We’ve been here before. While the technology Facebook represents is new, the concerns it raises echo public discussion of late nineteenth century industrialization, which was also the product of new technologies. At stake then was whether the concentration of economic power in a few hands would destroy our democracy by giving some rich men far more power than anyone else. Americans eventually solved that problem by reining in the Wild West mentality of the early industrialists, protecting the basic rights of workers, and regulating business practices.

The leaked Facebook documents suggest there are places where Facebook’s excesses could be reined in as the overreaches of industrialization eventually were.

We need tough, binding national legislation—a new set of rules for a new threat.

We can start by breaking up Facebook and other Internet behemoths just as Standard Oil was broken up over a century ago.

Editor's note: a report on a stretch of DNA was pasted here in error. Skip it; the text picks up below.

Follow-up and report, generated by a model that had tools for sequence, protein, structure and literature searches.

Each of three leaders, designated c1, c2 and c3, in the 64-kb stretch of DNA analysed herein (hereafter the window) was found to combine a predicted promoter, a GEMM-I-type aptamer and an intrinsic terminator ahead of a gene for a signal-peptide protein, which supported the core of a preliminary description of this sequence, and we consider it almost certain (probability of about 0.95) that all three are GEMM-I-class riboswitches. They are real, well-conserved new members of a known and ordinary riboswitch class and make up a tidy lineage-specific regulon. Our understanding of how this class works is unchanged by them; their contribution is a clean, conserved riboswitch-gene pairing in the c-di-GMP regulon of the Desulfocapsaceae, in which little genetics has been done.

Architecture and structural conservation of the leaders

We can curb the power of tech companies by altering current legislation that foolishly gives sites like Facebook broad immunity from liability for damage caused by their users. The challenge here is constitutional. Current proposals by Democrats call on tech companies to delete or demote false content in order to retain their immunity. Today’s right-leaning Supreme Court might well strike down such legislation as a violation of the First Amendment.